Climate change drives the need for bathymetry
Blue carbon (the carbon captured by the world’s ocean and coastal ecosystems) is not the only space where bathymetry contributes to tackling urgent environmental challenges driven by climate change. Approximately 40% of the global population lives near the coast, so that coastal erosion, rising sea levels and natural disasters such as hurricanes, tsunamis and storm surges threaten many communities and populations. In fact, complete small island nations may disappear due to global sea-level rise. Bathymetric surveys are essential for optimizing urban developments, protecting new and existing infrastructure and coastal resource utilization planning.
Inland too, bathymetric solutions are key for river mapping and flood simulations. Climate change forecasts predict a ninefold rise in the frequency and up to a 19% increase in the intensity of rainfall in Western Europe. Bathymetry data from riverbeds, combined with drainage models derived from topographic Lidar, helps develop advanced flood risk analyses and early flood warning systems from weather forecasts that will proactively safeguard communities and critical infrastructure.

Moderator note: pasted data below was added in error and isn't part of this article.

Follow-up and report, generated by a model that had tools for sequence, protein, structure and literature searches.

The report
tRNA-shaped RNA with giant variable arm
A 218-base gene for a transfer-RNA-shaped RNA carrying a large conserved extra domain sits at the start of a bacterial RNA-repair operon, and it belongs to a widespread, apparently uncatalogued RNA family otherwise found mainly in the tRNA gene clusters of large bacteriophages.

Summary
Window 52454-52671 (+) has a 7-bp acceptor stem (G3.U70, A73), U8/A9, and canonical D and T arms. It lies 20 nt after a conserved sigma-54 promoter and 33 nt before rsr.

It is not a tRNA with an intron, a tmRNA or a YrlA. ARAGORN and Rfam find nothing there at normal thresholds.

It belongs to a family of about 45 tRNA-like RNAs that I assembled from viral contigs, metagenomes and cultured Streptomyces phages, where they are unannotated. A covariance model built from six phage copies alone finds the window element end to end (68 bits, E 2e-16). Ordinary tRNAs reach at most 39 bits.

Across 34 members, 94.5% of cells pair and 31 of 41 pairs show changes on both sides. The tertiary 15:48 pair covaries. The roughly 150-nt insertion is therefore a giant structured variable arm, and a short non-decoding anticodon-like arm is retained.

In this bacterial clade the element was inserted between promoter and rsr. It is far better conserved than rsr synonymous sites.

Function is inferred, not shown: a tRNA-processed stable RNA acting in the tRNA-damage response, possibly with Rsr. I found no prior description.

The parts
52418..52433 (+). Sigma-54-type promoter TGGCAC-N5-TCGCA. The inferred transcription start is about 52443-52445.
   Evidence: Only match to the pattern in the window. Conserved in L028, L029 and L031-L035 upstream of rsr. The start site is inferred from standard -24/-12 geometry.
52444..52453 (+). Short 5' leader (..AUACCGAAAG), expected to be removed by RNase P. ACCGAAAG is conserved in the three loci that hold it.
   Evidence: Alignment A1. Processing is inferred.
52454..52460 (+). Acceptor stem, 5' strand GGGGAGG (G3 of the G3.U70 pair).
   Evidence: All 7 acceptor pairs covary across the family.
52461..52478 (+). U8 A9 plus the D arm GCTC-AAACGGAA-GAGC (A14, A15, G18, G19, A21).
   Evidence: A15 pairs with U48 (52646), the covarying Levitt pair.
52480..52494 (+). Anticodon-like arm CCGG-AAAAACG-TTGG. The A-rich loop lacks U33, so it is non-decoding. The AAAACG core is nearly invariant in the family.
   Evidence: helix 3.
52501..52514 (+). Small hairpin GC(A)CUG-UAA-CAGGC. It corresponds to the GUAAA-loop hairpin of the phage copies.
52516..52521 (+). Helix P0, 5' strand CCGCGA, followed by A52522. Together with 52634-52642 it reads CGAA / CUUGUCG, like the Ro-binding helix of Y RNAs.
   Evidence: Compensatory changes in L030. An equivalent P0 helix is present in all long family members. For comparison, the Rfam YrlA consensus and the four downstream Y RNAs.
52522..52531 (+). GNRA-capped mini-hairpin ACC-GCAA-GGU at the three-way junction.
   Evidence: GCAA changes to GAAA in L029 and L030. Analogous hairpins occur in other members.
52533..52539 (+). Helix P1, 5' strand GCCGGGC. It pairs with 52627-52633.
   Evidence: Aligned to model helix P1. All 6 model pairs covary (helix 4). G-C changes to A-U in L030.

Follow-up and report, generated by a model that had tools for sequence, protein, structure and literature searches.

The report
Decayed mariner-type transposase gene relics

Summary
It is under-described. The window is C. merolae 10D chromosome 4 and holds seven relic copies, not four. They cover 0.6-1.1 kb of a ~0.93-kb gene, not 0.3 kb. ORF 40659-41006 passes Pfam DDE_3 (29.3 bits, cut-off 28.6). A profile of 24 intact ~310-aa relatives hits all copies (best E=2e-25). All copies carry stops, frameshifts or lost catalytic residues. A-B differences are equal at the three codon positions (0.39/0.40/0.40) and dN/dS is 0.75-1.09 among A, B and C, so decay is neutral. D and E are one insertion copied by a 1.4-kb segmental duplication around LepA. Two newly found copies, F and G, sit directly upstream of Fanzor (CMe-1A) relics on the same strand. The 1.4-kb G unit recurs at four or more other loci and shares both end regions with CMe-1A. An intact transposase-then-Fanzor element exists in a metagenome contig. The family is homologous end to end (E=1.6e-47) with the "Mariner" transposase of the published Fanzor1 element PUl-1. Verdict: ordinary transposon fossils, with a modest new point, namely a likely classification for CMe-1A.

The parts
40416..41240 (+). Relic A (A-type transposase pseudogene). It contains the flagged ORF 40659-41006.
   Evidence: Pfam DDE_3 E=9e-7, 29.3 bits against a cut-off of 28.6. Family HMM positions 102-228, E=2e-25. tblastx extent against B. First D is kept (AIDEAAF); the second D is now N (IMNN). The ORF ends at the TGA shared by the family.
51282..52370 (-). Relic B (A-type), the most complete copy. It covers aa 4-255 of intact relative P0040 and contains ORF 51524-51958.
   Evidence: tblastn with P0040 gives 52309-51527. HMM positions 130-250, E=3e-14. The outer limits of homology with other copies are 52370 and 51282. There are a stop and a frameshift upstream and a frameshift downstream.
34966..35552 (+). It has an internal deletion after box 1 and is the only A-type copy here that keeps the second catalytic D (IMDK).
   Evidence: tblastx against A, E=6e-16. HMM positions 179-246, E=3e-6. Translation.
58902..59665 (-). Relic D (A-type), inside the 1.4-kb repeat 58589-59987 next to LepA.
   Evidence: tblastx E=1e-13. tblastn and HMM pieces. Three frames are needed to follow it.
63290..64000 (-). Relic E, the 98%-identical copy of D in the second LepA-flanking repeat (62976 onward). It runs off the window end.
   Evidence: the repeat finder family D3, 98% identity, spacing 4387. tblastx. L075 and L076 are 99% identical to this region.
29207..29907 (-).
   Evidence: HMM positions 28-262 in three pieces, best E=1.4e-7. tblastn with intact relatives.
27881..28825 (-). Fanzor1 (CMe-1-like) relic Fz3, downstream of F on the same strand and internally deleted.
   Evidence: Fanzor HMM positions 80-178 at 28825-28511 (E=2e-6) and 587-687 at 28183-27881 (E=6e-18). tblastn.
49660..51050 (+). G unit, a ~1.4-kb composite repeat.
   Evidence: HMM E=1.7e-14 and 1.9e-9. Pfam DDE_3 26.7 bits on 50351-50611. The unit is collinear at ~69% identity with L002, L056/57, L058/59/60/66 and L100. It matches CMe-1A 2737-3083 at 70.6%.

Some countries are responding to the need for data-driven flood prediction and mitigation by employing bathymetry. In some regions, airborne topographic/bathymetric data solutions are integrated with boat-based multibeam solutions to form a seamless model from deep water to land. This integration facilitates advanced flood modelling solutions, and more countries are likely to adopt similar approaches in the future.
Innovation begets innovation